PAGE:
Textbooks are more than just fancy paperweights or a convenient pillow if/when you end up falling asleep during a history class lecture. They’re also at most times, a necessary evil.
College can get expensive. That shouldn’t be a secret. After tuition, paying the rent, gas money for those who commute to school (much like I used to), food and everything else that goes along with it, you’re looking at a pretty thin wallet for the semester before you even get started.
Then there are textbooks, which may be the worst of them all. A seemingly 50-pound organized collection of words, paper and cardboard that will make you wonder if you’ll end up with a physique like Hulk Hogan did in the 80s when all is said and done. An old professor of mine once called the college textbook industry as the biggest scam on campus, and quite frankly, it was hard not to argue with him. After all, you end up paying several hundred for books you’ll use for a few months with the option of selling them back at about a fraction of what you originally paid for it.
Fortunately, for every scam, there is a loophole. A way to beat the system, and finding one is as easy getting out your laptop and getting on Facebook in class during a lecture (don’t lie, we all do it).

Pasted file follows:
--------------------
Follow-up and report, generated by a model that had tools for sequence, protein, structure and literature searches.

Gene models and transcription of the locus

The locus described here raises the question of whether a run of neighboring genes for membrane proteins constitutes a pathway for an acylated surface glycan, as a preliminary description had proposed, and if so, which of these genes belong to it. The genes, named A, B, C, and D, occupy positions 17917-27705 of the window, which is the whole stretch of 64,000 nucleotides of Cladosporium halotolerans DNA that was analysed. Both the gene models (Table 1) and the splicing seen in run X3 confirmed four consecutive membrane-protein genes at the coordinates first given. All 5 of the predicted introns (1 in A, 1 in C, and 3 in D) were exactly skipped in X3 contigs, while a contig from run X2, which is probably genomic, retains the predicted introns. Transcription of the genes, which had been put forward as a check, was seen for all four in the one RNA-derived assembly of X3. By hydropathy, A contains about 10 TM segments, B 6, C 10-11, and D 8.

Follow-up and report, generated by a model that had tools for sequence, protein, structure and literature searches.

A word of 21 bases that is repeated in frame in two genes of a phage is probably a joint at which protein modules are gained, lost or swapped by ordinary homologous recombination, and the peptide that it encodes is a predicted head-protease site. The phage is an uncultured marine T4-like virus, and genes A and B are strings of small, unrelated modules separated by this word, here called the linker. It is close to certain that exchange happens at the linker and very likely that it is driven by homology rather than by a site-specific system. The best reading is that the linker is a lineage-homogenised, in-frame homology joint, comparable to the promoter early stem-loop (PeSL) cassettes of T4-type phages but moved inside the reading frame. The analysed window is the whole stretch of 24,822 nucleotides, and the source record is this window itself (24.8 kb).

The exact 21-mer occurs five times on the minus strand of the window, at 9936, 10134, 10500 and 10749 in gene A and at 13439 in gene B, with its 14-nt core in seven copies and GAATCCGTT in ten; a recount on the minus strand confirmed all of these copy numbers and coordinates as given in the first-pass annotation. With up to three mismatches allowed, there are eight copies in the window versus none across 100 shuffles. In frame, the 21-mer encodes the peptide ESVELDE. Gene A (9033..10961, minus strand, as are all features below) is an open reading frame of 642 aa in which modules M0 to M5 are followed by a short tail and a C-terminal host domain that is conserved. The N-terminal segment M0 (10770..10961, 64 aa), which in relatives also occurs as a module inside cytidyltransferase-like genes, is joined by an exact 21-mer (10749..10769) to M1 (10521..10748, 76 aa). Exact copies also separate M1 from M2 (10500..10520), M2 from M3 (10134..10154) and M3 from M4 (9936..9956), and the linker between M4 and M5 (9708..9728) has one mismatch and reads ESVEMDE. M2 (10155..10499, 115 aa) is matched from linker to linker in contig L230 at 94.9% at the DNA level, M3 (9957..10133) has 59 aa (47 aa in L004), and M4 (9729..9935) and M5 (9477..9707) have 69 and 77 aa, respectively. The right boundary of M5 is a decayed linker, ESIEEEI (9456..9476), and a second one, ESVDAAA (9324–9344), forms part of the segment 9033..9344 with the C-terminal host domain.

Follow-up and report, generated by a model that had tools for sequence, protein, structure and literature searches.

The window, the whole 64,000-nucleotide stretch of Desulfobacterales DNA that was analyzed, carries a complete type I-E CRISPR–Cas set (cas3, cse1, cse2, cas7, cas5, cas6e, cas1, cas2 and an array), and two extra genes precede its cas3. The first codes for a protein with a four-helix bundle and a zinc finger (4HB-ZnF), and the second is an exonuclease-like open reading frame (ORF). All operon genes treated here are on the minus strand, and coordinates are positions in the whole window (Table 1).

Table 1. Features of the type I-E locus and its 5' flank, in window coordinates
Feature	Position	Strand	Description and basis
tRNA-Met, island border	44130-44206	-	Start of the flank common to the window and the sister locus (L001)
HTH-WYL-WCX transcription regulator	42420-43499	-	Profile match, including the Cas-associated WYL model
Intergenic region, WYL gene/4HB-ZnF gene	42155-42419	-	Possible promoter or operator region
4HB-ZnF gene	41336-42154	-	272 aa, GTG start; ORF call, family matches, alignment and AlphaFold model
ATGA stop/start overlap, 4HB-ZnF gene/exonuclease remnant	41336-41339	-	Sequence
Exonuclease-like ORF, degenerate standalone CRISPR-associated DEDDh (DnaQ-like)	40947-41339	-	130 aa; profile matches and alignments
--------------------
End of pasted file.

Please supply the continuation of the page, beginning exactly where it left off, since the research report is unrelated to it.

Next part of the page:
For those looking for a way to save, check out Half.com, a subsidiary of eBay that focuses on selling books, music, movies, video games and more importantly, textbooks.
How does it work? It’s pretty simple: rather than being auction-based, books are sold at a fixed price based on a “bidding war” amongst the sellers. Buyers then choose which price they want to pay based on how many sellers there are. From there, it’s just a matter of paying for it and there you have it, a high-quality textbook for a potential fraction of what you would pay for it at the average college bookstore. Best of all? When you’re done, you can always sell it on Half.com. That is, unless you really enjoy it, think it might be useful in the future or you need an extra weight for your dorm room workouts.